All contemporary browsers allow you to surf the Internet in private or incognito mode. To private browsing Mozilla Firefox has also added ad blocking and tracking protection.
When you browse the Internet in the private or incognito mode, your history is not saved. Information like the sites that you have visited and the sundry details that you have entered in online forms are not saved. Even cookies are not saved. Please keep in mind that private or incognito mode does not mean anonymous browsing. That’s totally different concept. Whereas private or incognito mode stops your browser from saving information regarding what websites you are visiting and what links you are clicking, anonymous browsing stops your ISP and your government to keep a watch on your online behaviour and this is much more sophisticated and difficult to achieve.
To private and incognito browsing, Firefox 42 has also added ad blocking and tracking protection. It blocks all the scripts that may identify you while you visit various websites. Ads that track you, analytics counters and social networking buttons that link to your profile will now be completely blocked.
Online advertisements are almost the backbone of the Internet economy, but they can also be a bane for the common user especially people using their browsers on their mobile phones. Then these advertisements can be a big nuisance and even discourage people from visiting the websites they would otherwise have visited.
Another problem on the Internet these days, which is a boom for the advertisers but a big nuisance for casual surfers, is something called “retargeting”. The retargeting scripts analyse your behaviour on various websites – what you have purchased recently, what you had almost added to your shopping cart, which adds you had clicked to check out where they lead to, which items you have read descriptions of and so on – and then according to the analysis, ads are shown to you when you are surfing different websites even if those ads that are irrelevant to the content you are currently viewing.
Up till now you could install add-ons and plug-ins into your browser to block ads. Even Apple recently introduced ad blocking apps on iOS. The Ghostery add-on/extension was allowing Firefox users to do the same. But the problem with such extensions is that not everybody can use them. You need to be able to find the appropriate add-ons and extensions, install them and then manage them which can become much of a hassle for a regular user.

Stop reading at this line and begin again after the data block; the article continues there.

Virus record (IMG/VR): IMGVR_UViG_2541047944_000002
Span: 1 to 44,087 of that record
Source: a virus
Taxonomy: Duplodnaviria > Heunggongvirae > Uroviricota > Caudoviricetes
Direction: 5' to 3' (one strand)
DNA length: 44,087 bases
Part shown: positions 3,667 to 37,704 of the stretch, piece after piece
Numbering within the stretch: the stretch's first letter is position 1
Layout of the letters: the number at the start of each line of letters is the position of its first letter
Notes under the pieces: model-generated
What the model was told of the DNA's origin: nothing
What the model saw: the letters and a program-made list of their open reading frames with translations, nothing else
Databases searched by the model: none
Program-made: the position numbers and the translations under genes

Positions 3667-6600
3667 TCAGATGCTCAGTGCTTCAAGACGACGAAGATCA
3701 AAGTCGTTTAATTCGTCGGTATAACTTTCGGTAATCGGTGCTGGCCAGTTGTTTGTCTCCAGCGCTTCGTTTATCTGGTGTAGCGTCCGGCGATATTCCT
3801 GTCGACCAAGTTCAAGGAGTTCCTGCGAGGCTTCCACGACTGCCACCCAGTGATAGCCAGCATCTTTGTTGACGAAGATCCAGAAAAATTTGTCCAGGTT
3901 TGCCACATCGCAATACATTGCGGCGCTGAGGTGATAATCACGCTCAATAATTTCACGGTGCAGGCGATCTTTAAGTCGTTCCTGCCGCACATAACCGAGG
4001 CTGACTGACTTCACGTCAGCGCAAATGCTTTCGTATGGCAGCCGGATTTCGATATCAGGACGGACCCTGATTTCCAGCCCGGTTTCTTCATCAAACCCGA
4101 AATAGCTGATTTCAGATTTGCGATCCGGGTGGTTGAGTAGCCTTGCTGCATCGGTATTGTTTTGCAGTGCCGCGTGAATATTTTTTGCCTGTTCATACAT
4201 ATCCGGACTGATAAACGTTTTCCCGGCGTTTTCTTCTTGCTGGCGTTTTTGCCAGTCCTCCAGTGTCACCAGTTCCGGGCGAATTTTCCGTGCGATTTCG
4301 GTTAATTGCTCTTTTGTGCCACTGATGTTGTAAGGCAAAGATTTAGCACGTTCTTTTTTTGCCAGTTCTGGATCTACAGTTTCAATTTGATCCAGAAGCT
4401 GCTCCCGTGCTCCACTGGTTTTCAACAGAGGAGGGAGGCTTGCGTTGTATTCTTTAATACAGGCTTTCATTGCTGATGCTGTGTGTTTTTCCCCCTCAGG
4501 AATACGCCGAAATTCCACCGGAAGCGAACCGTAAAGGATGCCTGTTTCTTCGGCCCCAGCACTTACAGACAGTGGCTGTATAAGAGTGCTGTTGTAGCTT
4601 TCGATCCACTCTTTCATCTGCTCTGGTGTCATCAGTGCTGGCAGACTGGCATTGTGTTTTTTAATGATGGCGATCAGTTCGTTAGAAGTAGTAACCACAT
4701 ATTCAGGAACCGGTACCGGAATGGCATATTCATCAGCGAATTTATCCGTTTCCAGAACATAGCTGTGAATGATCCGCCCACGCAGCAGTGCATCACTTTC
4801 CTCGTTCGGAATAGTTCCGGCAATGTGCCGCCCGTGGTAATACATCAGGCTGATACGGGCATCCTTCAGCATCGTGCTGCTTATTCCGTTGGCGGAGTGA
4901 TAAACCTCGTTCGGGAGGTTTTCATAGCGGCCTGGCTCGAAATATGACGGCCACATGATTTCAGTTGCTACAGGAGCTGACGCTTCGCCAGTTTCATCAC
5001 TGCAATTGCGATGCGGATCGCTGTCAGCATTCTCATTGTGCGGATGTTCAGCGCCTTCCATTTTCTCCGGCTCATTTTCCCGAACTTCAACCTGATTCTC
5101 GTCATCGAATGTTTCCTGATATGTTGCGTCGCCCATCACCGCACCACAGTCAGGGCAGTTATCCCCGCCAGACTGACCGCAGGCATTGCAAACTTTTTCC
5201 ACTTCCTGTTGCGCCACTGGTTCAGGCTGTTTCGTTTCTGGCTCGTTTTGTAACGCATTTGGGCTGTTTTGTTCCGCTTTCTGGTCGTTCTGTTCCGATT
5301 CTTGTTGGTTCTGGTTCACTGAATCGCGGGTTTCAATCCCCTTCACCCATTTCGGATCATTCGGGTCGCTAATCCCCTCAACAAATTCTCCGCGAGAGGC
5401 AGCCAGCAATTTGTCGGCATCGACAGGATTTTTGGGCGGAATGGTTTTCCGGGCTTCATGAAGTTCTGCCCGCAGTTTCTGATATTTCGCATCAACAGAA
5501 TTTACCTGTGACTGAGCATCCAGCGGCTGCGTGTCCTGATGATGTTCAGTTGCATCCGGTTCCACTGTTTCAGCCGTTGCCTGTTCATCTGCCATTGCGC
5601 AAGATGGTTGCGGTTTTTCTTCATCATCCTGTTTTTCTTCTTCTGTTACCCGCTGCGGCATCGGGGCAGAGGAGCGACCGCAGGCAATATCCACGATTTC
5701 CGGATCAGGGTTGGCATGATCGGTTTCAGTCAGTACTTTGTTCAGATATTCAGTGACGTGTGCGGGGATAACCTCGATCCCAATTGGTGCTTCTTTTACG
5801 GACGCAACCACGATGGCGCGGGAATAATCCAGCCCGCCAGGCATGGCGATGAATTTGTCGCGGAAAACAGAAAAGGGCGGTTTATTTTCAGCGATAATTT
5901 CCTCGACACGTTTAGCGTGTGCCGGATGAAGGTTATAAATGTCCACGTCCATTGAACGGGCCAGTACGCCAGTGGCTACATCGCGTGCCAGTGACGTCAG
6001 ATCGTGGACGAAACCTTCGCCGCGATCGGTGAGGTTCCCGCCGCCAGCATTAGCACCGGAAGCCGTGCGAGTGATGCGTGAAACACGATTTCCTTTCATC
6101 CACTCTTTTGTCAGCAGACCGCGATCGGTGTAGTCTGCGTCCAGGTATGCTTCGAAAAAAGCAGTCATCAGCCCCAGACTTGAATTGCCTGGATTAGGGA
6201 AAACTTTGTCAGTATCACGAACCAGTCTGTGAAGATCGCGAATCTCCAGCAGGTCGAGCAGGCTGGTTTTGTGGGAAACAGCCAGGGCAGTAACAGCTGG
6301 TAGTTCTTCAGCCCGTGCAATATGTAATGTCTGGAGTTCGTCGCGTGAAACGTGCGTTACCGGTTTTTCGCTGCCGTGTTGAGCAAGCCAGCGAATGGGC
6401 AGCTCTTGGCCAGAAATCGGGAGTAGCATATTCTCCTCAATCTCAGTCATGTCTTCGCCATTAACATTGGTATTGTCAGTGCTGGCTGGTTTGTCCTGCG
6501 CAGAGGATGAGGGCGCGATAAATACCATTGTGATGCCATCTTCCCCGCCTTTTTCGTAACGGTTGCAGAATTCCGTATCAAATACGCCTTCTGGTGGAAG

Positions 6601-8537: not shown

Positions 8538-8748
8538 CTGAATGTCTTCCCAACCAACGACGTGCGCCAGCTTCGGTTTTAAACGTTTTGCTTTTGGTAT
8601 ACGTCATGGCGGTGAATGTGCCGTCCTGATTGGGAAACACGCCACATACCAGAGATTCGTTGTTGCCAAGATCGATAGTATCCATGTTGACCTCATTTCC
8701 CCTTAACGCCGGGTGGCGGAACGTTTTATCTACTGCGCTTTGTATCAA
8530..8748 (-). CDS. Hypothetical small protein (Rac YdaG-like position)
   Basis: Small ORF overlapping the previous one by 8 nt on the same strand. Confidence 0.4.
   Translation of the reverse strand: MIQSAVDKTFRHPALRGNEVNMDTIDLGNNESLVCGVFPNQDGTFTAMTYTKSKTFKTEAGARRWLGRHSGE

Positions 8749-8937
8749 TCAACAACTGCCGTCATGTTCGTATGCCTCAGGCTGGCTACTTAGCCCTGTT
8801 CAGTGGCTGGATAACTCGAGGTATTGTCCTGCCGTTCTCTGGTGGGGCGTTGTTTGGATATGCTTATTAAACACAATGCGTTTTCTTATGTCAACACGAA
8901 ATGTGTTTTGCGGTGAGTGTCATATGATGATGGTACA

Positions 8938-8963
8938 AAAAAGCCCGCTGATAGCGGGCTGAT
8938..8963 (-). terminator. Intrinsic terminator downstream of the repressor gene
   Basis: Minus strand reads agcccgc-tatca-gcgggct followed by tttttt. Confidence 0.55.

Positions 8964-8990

Private browsing on the other hand is much more direct and if ad blocking and tracking protection is inbuilt, people won’t have to go to all the trouble of installing extra add-ons.
Although many blog posts and articles on the Internet are hailing this new move by Firefox and comparing Firefox with Google Chrome, people need to understand that the scenarios are different for both the browsers. Google gets a big part of its revenue from advertising. Already ad blockers are blocking Google advertisements on various websites. Allowing people to block ads and retargeting scripts will go counter to its revenue model.
What about the ethical question? Many websites publish content to earn money from the ads that they publish. Some websites publish high quality content so that people are drawn to their websites and blogs and while they are on these websites and blogs they might as well click on the advertisements. Although they are publishing high-quality content to help or entertain their visitors, they also need to make money. This money they make by publishing ads.
So blocking ads by visiting websites that publish content so that they can sell ads may be same as indulging in piracy. It’s a complicated question.
Again, the problem is with mobile devices. Most of the websites haven’t gotten around publishing content-friendly advertisements on their blogs and websites that won’t hinder the main content.